WASHINGTON (AFP) - President Barack Obama has approved sending up to 1,500 additional troops to Iraq to aid Baghdad government and Kurdish forces fighting the Islamic State (IS) group, roughly doubling the number of US troops in the country, the White House said Friday.
The 1,500 troops will include a group of advisers to help Iraqi forces plan operations and a group of trainers who will be deployed across the country, officials said, as Washington steps up the pressure on the IS militants.
Some of the advisors will be deployed to western Anbar province, where the Iraqi army has been forced to retreat from advancing IS militants, a defence official who spoke on condition of anonymity told AFP.
Some of the additional troops will begin to arrive in Iraq in the next several weeks, the official said.
"As a part of our strategy for strengthening partners on the ground, President Obama today authorised the deployment of up to 1,500 additional US military personnel in a non-combat role to train, advise, and assist Iraqi security forces, including Kurdish forces," a statement said.
Defense Secretary Chuck Hagel recommended the move to Obama based on a request from the Iraqi government and the assessment of US Central Command, which is overseeing the air war against the IS militants, the Pentagon said.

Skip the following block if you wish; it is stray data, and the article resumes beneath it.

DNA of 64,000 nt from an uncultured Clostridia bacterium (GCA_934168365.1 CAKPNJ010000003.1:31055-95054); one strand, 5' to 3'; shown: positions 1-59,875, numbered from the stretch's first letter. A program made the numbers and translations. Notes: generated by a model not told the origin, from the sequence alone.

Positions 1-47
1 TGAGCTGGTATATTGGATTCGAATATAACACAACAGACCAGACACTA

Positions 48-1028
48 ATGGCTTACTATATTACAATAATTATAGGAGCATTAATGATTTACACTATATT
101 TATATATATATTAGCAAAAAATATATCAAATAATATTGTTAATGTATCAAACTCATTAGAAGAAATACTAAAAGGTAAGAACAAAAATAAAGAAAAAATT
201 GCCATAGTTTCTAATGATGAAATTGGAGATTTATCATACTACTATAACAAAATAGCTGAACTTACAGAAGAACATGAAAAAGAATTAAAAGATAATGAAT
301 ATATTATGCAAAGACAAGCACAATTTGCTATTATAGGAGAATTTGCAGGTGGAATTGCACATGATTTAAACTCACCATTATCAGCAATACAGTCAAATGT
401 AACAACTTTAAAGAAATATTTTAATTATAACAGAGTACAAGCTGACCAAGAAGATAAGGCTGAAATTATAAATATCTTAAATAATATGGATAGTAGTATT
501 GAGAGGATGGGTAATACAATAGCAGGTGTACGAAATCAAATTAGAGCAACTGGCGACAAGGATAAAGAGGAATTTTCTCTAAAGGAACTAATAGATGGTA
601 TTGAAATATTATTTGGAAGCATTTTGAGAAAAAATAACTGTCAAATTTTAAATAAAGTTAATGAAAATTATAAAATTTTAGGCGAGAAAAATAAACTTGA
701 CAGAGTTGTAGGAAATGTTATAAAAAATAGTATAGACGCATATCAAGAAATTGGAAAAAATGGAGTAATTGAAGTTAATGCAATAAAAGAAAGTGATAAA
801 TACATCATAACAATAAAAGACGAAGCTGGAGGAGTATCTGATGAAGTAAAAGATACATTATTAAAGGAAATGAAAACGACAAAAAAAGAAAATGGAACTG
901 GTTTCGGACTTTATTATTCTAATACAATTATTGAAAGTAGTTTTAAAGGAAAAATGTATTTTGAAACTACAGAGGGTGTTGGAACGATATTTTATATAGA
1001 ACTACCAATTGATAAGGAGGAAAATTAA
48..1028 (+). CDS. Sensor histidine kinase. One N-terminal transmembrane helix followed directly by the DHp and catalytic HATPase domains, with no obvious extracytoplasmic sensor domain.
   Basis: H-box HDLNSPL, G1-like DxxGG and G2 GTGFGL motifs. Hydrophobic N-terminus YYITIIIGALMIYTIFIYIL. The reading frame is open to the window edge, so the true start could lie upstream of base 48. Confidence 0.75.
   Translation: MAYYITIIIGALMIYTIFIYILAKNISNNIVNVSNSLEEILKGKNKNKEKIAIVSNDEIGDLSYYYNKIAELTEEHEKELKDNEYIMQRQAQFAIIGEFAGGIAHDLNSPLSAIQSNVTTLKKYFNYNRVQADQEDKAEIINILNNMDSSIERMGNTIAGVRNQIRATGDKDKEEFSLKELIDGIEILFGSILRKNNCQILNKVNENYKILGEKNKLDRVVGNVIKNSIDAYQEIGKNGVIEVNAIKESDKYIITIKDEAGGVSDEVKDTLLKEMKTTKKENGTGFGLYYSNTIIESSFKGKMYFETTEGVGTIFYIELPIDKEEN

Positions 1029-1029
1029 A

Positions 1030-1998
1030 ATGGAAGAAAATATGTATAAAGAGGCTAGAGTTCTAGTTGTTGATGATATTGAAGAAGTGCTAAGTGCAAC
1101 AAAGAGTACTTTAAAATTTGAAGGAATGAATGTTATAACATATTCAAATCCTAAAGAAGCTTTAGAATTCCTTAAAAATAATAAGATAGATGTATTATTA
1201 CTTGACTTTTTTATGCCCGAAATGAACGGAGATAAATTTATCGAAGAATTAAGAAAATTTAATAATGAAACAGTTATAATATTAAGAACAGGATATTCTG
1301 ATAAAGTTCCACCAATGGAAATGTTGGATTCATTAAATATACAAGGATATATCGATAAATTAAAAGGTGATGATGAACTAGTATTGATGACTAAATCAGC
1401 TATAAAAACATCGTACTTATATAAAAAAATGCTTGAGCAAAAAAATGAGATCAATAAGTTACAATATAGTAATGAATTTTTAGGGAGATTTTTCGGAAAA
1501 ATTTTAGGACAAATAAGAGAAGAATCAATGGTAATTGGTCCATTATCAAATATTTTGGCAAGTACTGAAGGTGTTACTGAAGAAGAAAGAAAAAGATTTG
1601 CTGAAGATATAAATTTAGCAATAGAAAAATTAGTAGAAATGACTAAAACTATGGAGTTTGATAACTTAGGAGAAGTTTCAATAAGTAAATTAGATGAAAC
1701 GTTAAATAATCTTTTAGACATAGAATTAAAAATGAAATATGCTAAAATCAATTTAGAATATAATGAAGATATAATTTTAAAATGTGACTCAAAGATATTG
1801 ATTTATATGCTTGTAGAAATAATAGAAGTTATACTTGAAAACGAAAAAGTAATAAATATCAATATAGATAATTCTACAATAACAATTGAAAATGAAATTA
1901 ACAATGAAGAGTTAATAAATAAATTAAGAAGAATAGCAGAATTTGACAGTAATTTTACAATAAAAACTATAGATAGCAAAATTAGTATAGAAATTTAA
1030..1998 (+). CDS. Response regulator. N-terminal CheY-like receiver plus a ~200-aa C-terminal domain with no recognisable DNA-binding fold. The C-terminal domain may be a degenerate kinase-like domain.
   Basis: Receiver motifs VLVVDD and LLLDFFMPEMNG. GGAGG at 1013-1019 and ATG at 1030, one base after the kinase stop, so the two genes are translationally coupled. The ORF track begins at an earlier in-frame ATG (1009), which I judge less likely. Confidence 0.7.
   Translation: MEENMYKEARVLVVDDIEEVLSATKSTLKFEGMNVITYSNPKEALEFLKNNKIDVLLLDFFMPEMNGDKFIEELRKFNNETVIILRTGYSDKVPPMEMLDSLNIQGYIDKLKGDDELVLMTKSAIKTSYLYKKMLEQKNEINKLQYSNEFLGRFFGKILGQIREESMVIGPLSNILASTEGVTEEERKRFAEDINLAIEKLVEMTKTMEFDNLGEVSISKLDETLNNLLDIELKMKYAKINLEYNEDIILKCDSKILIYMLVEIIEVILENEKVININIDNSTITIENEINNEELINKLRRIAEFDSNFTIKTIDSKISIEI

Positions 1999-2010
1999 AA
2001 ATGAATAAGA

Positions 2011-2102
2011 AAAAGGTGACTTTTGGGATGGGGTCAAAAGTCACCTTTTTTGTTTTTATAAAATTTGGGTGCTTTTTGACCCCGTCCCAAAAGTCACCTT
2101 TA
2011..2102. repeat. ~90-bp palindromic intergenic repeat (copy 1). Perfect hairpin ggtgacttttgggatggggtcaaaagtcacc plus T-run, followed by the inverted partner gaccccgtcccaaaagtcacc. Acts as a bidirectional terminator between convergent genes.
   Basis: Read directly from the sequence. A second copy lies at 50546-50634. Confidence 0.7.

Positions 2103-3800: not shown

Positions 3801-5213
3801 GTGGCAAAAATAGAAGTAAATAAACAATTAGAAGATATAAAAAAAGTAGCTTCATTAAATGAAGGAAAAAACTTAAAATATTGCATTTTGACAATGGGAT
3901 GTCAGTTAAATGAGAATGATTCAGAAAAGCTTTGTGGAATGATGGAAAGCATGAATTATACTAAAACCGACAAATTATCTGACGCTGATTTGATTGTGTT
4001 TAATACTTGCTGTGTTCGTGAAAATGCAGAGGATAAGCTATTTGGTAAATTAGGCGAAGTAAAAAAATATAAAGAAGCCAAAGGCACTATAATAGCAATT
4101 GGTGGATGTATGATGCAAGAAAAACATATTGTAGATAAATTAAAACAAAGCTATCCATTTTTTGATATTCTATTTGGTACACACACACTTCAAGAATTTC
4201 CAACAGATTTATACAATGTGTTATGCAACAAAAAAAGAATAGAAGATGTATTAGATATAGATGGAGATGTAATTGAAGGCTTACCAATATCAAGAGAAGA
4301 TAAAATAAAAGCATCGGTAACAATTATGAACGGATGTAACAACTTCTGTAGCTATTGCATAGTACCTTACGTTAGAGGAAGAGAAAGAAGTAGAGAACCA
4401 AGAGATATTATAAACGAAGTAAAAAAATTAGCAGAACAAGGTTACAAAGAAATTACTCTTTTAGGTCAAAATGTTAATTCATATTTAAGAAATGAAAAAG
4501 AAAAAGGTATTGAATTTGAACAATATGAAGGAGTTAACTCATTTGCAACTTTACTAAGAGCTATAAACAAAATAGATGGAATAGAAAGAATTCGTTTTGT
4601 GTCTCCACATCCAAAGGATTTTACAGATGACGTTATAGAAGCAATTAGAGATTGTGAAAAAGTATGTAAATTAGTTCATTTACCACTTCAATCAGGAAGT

The deployment coincides "with the development of a coalition campaign plan to defend key areas and go on the offensive against the Islamic State of Iraq and the Levant," it said, referring to IS fighters who have grabbed large areas of Iraq and neighboring Syria.
The training will focus on 12 Iraqi brigades - nine Iraqi army and three Peshmerga brigades, the Pentagon said.
The training sites will be located in northern, western, and southern Iraq and "coalition partners will join US personnel at these locations to help build Iraqi capacity and capability," it added.